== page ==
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Figure 25 | Progress in Earth and Planetary Science

Figure 25

From: Short-term variability of the Sun-Earth system: an overview of progress made during the CAWSES-II period

Figure 25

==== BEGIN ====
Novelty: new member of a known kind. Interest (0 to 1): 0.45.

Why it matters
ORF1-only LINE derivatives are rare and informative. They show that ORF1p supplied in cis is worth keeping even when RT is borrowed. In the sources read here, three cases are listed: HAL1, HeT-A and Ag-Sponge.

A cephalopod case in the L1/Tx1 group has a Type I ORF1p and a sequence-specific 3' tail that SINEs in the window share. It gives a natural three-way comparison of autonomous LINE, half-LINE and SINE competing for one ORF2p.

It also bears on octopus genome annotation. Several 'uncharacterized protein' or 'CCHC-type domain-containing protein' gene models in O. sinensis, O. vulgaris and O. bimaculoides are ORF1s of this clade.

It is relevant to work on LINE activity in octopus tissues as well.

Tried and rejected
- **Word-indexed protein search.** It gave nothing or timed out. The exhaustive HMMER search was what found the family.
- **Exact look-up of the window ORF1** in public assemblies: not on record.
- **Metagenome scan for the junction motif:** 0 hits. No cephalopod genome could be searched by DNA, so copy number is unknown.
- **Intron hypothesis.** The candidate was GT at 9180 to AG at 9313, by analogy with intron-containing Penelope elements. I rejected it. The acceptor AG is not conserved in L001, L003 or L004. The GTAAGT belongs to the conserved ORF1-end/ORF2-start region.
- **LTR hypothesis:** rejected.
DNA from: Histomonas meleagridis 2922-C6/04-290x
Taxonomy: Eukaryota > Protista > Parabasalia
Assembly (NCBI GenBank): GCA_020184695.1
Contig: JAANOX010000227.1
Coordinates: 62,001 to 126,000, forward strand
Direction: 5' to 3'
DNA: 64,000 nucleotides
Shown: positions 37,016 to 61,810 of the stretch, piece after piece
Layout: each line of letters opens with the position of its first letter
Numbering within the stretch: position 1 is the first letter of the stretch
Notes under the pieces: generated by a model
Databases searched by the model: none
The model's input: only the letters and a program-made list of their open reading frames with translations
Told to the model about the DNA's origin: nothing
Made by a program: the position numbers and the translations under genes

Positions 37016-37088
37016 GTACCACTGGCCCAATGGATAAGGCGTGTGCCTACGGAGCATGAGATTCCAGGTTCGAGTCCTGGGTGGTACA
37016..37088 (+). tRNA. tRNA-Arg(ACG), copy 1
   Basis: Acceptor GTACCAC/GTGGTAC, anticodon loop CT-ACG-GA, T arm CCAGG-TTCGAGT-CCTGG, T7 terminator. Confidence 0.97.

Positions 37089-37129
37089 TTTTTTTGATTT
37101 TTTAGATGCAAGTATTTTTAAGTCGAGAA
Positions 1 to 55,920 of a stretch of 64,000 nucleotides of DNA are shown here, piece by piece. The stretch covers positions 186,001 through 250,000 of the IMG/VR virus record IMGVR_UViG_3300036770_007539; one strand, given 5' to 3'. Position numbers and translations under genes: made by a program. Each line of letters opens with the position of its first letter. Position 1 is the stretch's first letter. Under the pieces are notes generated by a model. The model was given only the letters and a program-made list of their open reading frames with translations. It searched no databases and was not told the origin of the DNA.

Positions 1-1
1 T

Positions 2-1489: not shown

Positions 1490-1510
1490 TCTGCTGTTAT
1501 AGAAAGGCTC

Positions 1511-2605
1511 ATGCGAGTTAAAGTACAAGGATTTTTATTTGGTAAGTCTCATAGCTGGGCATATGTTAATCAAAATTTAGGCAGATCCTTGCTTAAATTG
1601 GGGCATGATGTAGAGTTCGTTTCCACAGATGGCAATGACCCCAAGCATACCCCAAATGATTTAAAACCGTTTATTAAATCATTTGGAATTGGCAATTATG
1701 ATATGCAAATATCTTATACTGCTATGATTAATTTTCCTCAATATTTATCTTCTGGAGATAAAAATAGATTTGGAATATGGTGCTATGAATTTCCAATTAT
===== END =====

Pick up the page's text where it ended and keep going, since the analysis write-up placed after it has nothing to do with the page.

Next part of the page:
The first and only large CIR storm of cycle 24 as of this writing and its solar source region (coronal hole). The CIR was due to the high-speed stream from a large equatorial coronal hole (a) observed by SDO/AIA at 193 Å. At the photospheric level, the coronal hole had positive magnetic polarity (b) as observed by SDO/HMI. The outline of the coronal hole in (a) is overlaid on the magnetogram (b) to show the unipolar region. The CIR manifested as a region of enhanced magnetic field in in-situ observations (c). The three components of the IP magnetic field are shown in (d-f). The Bx component was negative indicating that the direction of the magnetic field was pointing away from the Sun consistent with the positive polarity in the photospheric magnetogram. The Bz component was negative for approximately 6 h and was responsible for the major storm. It should be noted that this type of magnetic structure in CIRs is atypical (see previous discussion). The solar wind speed increased from approximately 380 km/s first as a shock jump and then at the interface and finally in the high-speed stream (g). The temperature remained higher than the expected solar wind temperature (shown in red) throughout the interface and the fast wind (h). The density in the interface was high due to the shock compression reaching values in the range 10 to 30 cm−3 (i). Finally, the Dst index shows the evolution of the storm, reaching a peak value of −119 nT on June 1 at 9 UT (j).

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